Representing all kinds of objects, relationships and processes using a single diagram would be too complex and confusing. For this reason, 14 different types of diagrams are used in the UML, which can be divided into structure diagrams, behavior diagrams, and interaction diagrams . Interaction diagrams, in turn, are a subcategory of behavior diagrams.
The structure diagrams focus on representing all system elements and their relationships with each other. A typical example is the class diagram, with which elements can be grouped and displayed in hierarchies. The behavior diagrams , however, do not represent static structures, but show the flow of the planned or actual process that should take place in the run the program or software. In this type of diagram, the dynamics take center stage..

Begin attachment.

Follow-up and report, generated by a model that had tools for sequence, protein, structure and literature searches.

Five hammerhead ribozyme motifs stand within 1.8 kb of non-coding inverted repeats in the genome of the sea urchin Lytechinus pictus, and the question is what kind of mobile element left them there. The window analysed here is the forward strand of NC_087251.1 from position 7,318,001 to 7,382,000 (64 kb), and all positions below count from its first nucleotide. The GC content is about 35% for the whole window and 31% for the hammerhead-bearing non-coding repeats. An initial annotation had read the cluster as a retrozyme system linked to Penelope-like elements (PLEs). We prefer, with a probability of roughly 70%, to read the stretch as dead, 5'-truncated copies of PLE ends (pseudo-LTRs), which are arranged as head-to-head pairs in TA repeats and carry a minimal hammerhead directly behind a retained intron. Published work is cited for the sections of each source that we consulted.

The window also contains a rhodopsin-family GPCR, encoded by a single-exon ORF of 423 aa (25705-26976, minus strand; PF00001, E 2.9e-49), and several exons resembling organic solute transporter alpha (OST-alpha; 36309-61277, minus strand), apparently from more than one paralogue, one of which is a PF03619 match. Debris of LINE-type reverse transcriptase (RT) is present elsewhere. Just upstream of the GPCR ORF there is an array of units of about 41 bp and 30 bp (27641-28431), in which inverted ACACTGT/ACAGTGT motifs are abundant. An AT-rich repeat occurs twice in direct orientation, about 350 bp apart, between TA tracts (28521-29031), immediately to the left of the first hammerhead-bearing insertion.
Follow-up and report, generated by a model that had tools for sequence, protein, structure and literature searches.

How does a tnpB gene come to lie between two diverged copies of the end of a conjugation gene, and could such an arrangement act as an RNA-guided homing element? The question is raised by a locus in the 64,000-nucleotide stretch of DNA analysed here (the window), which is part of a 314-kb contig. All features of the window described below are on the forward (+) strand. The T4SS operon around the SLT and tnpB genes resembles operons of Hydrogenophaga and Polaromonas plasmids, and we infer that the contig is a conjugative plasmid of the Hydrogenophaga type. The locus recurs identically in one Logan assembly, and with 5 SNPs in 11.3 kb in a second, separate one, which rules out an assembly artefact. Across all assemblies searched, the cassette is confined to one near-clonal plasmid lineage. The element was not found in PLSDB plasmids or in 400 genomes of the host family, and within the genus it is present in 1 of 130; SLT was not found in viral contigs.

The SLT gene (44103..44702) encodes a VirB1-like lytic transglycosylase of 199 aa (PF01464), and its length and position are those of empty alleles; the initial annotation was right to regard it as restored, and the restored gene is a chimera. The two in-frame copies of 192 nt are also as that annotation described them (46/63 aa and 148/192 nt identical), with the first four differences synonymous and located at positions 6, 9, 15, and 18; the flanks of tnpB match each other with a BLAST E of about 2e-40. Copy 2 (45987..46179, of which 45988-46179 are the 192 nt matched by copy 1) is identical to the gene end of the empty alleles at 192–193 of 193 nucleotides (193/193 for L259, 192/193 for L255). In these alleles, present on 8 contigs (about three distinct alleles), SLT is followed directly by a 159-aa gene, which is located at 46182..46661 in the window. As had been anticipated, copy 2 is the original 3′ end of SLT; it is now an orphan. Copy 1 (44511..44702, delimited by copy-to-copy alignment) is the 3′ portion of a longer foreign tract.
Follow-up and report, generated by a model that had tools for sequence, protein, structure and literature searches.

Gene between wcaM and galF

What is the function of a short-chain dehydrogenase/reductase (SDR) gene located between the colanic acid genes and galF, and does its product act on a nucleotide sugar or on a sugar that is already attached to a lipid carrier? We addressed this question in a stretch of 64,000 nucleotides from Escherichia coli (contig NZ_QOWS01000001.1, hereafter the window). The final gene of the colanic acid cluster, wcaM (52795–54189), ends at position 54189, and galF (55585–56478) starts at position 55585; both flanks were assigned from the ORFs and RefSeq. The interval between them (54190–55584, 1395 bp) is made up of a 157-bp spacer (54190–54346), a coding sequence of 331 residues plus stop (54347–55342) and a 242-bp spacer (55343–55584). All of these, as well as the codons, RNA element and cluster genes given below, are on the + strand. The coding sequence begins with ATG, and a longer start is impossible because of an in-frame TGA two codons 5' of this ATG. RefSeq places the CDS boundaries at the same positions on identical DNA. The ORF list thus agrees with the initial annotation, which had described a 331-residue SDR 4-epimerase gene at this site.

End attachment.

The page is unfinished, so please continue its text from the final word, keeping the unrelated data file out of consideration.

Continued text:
The use case diagram also belongs to the latter group, but it is a particular model , because it shows the expected behavior of a system or software in a specific use case . Compared to other behavior diagrams in the UML, the use case diagram is fairly static, as it can only be used to describe actions and objectives, but not the exact sequence of processes and actions. For the latter, other types of diagrams are used in UML, such as activity diagrams, which represent the processes chronologically; or the sequence diagrams, which show the exchange of messages between the different elements that make up a system.